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The effect of an infographic promotion on research dissemination and readership: A randomized controlled trial

  • Simon Huang (a1), Lynsey J. Martin (a1), Calvin H. Yeh (a2), Alvin Chin (a3), Heather Murray (a4), William B. Sanderson (a5), Rohit Mohindra (a6), Teresa M. Chan (a3) and Brent Thoma (a1)...

Abstract

Objective

Journals use social media to increase the awareness of their publications. Infographics show research findings in a concise and visually appealing manner, well suited for dissemination on social media platforms. We hypothesized that infographic abstracts promoted on social media would increase the dissemination and online readership of the parent research articles.

Methods

Twenty-four articles were chosen from the six issues of CJEM published between July 2016 and June 2017 and randomized to infographic or control groups. All articles were disseminated through the journal’s social media accounts (Twitter and Facebook). Control articles were promoted using a screen capture image of each article’s abstract on the journal’s social media accounts. Infographic articles were promoted similarly using a visual infographic. Infographics were also published and promoted on the CanadiEM.org’s website and social media channels. Abstract views, full-text views, and the change in Altmetric score were compared between groups using unpaired two-tailed t-tests.

Results

There were no significant differences in the groups at baseline. Abstract views (mean, 95% CI) were higher in the infographics (379, 287-471) than the control group (176, 136-215, p<0.001). Mean change in Altmetric scores was higher in the infographics (26, 18-34) than in the control group (3, 2-4, p<0.0001). There was no difference in full-text views between the infographics (50, 0-101) and control groups (25, 18-32).

Conclusion

The promotion of CJEM articles using infographics on social media and the CanadiEM.org website increased Altmetric scores and abstract views. Infographics may have a role in increasing awareness of medical literature.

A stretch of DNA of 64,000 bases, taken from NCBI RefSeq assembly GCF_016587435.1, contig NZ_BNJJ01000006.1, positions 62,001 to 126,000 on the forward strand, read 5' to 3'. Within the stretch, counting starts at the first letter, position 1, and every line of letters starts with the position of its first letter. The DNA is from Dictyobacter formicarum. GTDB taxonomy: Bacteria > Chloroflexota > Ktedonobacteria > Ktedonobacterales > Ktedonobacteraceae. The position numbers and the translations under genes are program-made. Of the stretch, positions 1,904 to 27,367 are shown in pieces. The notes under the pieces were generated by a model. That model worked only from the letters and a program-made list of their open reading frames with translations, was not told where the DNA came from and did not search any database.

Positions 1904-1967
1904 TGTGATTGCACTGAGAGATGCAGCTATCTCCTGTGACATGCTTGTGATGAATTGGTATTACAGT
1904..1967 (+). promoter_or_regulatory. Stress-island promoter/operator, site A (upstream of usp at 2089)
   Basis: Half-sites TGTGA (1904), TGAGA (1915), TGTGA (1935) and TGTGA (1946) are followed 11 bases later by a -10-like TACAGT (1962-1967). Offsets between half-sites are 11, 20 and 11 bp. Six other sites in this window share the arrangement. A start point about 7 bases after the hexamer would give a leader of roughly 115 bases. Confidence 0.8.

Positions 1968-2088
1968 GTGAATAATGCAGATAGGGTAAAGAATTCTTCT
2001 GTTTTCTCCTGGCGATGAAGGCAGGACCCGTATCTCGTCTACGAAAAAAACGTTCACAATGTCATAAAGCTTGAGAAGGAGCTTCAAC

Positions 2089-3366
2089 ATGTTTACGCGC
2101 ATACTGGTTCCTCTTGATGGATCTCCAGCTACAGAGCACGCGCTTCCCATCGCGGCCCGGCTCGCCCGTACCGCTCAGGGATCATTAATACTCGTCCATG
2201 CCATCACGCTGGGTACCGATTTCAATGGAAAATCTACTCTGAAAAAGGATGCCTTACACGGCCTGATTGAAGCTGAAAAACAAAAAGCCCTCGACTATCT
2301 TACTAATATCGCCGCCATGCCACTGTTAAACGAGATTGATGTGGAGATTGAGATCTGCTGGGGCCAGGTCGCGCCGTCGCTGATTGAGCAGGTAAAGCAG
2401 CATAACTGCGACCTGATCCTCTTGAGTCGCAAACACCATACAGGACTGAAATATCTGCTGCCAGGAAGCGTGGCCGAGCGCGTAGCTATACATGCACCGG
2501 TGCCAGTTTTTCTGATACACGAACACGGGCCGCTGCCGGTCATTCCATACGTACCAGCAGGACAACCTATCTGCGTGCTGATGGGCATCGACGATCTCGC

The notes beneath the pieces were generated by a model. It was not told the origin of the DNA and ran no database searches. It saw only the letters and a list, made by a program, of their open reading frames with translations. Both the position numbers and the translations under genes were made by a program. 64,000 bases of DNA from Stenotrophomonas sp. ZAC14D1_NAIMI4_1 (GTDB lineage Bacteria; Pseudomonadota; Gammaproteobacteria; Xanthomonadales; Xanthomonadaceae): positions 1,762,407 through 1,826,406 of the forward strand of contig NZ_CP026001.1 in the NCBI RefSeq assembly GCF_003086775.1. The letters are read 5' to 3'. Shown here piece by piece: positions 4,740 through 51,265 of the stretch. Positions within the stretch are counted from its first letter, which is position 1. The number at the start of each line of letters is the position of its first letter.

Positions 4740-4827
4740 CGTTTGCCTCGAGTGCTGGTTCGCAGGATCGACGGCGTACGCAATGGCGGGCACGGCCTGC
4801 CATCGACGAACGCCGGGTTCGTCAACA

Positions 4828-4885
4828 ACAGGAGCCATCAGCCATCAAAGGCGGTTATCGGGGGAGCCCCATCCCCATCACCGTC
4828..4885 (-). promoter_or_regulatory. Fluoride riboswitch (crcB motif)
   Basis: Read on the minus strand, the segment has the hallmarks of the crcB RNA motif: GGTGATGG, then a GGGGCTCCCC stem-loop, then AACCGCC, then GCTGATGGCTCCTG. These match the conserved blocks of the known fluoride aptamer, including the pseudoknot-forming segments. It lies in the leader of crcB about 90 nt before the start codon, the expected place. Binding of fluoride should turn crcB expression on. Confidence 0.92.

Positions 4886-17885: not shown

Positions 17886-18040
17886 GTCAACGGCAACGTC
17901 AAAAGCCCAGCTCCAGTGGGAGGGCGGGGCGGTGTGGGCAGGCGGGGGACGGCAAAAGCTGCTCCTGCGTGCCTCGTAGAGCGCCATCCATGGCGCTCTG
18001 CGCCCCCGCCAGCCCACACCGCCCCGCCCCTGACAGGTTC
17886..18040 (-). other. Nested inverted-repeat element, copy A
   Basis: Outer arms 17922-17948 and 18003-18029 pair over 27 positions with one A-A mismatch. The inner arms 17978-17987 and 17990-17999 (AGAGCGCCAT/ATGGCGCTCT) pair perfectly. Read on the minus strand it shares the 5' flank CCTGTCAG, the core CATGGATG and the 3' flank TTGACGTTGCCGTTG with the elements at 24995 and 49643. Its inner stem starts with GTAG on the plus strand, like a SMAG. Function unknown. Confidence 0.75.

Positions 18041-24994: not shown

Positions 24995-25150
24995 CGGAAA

Contexte

Les responsables des revues utilisent les médias sociaux pour faire connaître leurs publications. L’infographie permet de présenter des résultats de recherche d’une manière concise et visuellement accrocheuse, moyen bien adapté à la diffusion de connaissances dans les plateformes de médias sociaux. L’étude visait donc à vérifier l’hypothèse selon laquelle la promotion infographique de résumés dans les médias sociaux aurait pour effet d’accroître la diffusion ainsi que le nombre de cyberlecteurs des articles maîtres en version intégrale.

Méthode

Ont été choisis 24 articles tirés des 6 numéros de la revue Canadian Journal of Emergency Medicine (CJEM) publiés entre juillet 2016 et juin 2017, et répartis au hasard entre le groupe d’infographie et le groupe témoin. Tous les articles ont été diffusés par l’intermédiaire des comptes de médias sociaux (Twitter and Facebook) de la revue. Les articles dans le groupe témoin ont fait l’objet de promotion à l’aide d’une capture d’écran du résumé de chacun des articles dans les comptes de médias sociaux de la revue. Les articles dans le groupe d’infographie ont fait l’objet d’une promotion comparable, mais à l’aide d’une présentation visuelle assistée par ordinateur, en plus d’être publiés et promotionnés dans le site Web CanadiEM.org et les chaînes de médias sociaux. Le nombre de visionnements des résumés et des articles en version intégrale ainsi que les variations des mesures Altmetric ont aussi été comparés entre les deux groupes à l’aide de tests bilatéraux non appariés.

Résultats

Au départ, il n’y avait pas de différences importantes entre les deux groupes. Toutefois, le nombre de visionnements des résumés (moyenne; IC à 95 %) était plus élevé dans le groupe d’infographie (379 : 287-471) que dans le groupe témoin (176 : 136-215; p<0,001). Il en allait de même pour les variations moyennes des mesures Altmetric (26 : 18-34 dans le groupe d’infographie contre 3 : 2-4 dans le groupe témoin; p<0,0001). Par contre, il n’y avait pas de différence entre les deux groupes (infographie : 50 [0-101]; témoin (25 [18-32]) pour ce qui est du nombre de visionnements des articles en version intégrale.

Conclusion

La promotion des articles de la revue CJEM à l’aide de l’infographie dans les médias sociaux et le site Web CanadiEM.org s’est traduite par une augmentation des mesures Altmetric et du nombre de visionnements des résumés. L’infographie pourrait donc permettre une diffusion accrue de la documentation médicale.

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Copyright

Corresponding author

Correspondence to: Dr. Brent Thoma, Room 2646, Box 16, 103 Hospital Drive, Saskatoon, SK S7N 0W8; Email: brent.thoma@usask.ca

References

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Supplementary materials

Huang et al. supplementary material
Appendix 1

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The effect of an infographic promotion on research dissemination and readership: A randomized controlled trial

  • Simon Huang (a1), Lynsey J. Martin (a1), Calvin H. Yeh (a2), Alvin Chin (a3), Heather Murray (a4), William B. Sanderson (a5), Rohit Mohindra (a6), Teresa M. Chan (a3) and Brent Thoma (a1)...

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